"We were really surprised by the overall low rate of adjuvant radiation," Dr. Martinez said in an interview. "Limb-sparing surgery plus adjuvant radiation has been the standard of care for quite awhile. We could not tell from this dataset why so few patients received adjuvant radiation."

Blacks had the highest five-year mortality (18.4%), followed by whites (13.6%), Hispanics (11.7%), and Asians (9.4%). The differences translated into a 39% excess mortality risk in blacks (95% CI: 1.13 to 1.70) and a 33% reduction in mortality risk among Asian patients (95% CI: 0.46 to 0.97).

As to limitations of the study, the authors noted that they excluded cases before 1988, even though surgery and adjuvant radiation had already been established as the standard of care. The authors lacked good information about the appropriateness or adequacy of treatment that patients received. They also did not have information about patients' socioeconomic status, which can have a substantive effect on treatment and outcomes.

The authors reported no disclosures.

Primary source: Cancer
Source reference:
Martinez SR, et al "Racial and ethnic differences in treatment and survival among adults with primary extremity soft-tissue sarcoma"Cancer. 2008; 112: DOI: 10.1002/cncr23261.

Saturday, January 19, 2008

Thursday, January 3, 2008

2008 Cancer Advances



I thought it would be important to note some of the major medical advances and milestones in cancer care. Take a look!

ASCO lists the following as significant advances:

Magnetic resonance imaging for breast cancer screening.
The role of human papilloma virus in head and neck cancers.
Decreasing use of hormone replacement therapy linked to declines in breast cancer cases.
Preventive radiation therapy improves survival and decreases brain metastases in patients with advanced small-cell lung cancer.
Sorafenib (Nexavar, Onyx/Bayer) improves survival in liver cancer.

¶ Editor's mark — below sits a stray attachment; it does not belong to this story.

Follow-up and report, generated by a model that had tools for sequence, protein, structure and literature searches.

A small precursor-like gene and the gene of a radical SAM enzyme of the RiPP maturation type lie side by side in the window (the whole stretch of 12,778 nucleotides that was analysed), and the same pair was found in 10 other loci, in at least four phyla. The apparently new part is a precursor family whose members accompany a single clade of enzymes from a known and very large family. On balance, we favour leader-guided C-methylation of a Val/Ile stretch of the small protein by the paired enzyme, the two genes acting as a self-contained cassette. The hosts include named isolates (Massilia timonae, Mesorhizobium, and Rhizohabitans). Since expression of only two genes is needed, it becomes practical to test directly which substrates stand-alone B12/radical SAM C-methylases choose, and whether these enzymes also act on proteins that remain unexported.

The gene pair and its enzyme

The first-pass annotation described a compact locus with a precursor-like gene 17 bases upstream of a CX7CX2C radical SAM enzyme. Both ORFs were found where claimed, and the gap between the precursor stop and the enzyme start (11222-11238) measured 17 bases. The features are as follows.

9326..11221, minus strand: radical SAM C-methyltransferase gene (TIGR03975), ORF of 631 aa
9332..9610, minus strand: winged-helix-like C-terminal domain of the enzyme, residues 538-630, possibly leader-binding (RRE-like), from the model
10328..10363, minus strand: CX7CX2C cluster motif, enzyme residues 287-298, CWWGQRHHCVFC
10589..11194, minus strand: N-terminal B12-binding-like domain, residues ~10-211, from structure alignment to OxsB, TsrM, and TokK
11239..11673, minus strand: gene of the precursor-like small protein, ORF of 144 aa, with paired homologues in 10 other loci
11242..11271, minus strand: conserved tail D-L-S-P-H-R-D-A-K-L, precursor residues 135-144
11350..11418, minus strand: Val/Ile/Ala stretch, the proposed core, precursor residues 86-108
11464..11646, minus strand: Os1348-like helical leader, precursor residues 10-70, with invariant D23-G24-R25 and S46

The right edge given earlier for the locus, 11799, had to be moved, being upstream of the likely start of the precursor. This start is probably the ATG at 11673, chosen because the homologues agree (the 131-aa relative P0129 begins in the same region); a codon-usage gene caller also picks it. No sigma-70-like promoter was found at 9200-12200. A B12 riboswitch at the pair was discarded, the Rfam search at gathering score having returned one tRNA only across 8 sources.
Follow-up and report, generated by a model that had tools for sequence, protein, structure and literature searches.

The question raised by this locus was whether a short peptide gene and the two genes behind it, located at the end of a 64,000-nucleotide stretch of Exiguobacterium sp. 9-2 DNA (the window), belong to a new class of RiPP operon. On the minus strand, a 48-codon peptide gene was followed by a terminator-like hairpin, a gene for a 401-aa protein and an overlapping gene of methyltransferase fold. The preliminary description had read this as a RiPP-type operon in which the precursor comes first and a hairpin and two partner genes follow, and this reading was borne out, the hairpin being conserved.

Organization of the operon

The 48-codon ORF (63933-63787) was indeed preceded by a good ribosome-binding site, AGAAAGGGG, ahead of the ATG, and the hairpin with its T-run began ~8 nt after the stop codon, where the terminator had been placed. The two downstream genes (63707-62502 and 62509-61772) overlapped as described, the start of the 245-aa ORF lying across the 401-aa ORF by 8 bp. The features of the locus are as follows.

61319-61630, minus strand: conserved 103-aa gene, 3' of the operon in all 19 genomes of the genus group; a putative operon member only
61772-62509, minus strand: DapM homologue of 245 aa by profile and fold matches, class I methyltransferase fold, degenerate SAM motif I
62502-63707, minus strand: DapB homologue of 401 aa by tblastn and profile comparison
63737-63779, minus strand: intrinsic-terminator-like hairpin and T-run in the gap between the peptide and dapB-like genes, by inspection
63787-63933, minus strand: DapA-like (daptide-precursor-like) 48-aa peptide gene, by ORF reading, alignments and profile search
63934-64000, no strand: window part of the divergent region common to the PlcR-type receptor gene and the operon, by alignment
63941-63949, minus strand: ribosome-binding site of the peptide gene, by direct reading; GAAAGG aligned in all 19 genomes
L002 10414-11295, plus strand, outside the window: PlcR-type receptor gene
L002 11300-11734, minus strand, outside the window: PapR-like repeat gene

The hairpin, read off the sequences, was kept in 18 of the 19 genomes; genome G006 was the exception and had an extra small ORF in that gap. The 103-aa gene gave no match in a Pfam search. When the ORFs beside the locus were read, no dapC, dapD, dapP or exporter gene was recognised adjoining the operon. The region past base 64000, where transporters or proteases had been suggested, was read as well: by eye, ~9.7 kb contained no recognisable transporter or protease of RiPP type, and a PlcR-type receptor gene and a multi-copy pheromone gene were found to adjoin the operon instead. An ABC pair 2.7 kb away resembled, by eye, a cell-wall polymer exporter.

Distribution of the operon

Bevacizumab (Avastin, Genentech/Roche) improves treatment of advanced kidney cancer. The report notes that in recent years, 3 new agents have been approved for kidney cancer — sorafenib, sunitinib (Sutent, Pfizer), and temsirolimus (Torisel, Wyeth) — and future trials will need to compare bevacizumab with these agents and explore combinations.

The following are considered to be "notable" advances:

Arsenic trioxide (Trisenox, Cell Therapeutics Inc) improves leukemia survival.
Dasatinib (Sprycel, Bristol-Myers Squibb) active as first-line treatment for chronic myelogenous leukemia.
Lenalidomide (Revlimid, Celgene Corp) and bortezomib (Velcade, Ortho-Biotech) more effective together for myeloma.
Hypofractionated radiation (fewer but larger doses) appears to be as effective as standard-dose radiation in early-stage breast cancer.
Bevacizumab with irinotecan (Camptosar, Pfizer) effective against gliomas.
Radiotherapy improves survival of elderly patients with glioblastomas.
Cetuximab (Erbitux, ImClone Systems) improves outcomes in colon cancer when added onto the FOLFIRI regimen (fluorouracil, irinotecan, and leucovorin).
High-fat diets linked to recurrence of colon cancer.
External-beam radiation does not improve outcomes in endometrial cancer.
Cetuximab with chemotherapy as first-line treatment prolongs survival in head and neck cancers.
Investigational drug axitinib (under development by Pfizer) shows activity against advanced thyroid cancer.
Less intense treatment for children with neuroblastoma achieves high survival rates.
Small investments can improve childhood cancer treatment in low- and middle-income countries.
Imatinib (Gleevec, Novartis) increases recurrence-free survival in patients with gastrointestinal stromal tumors.
Aspirin use promising for prevention of colorectal cancer.
Long-term health problems in survivors of childhood cancers.
Survivors of childhood leukemia and brain tumors have elevated stroke risk.
Most survivors of childhood cancer do not get recommended follow-up care.

J Clin Oncol. Published online December 17, 2007.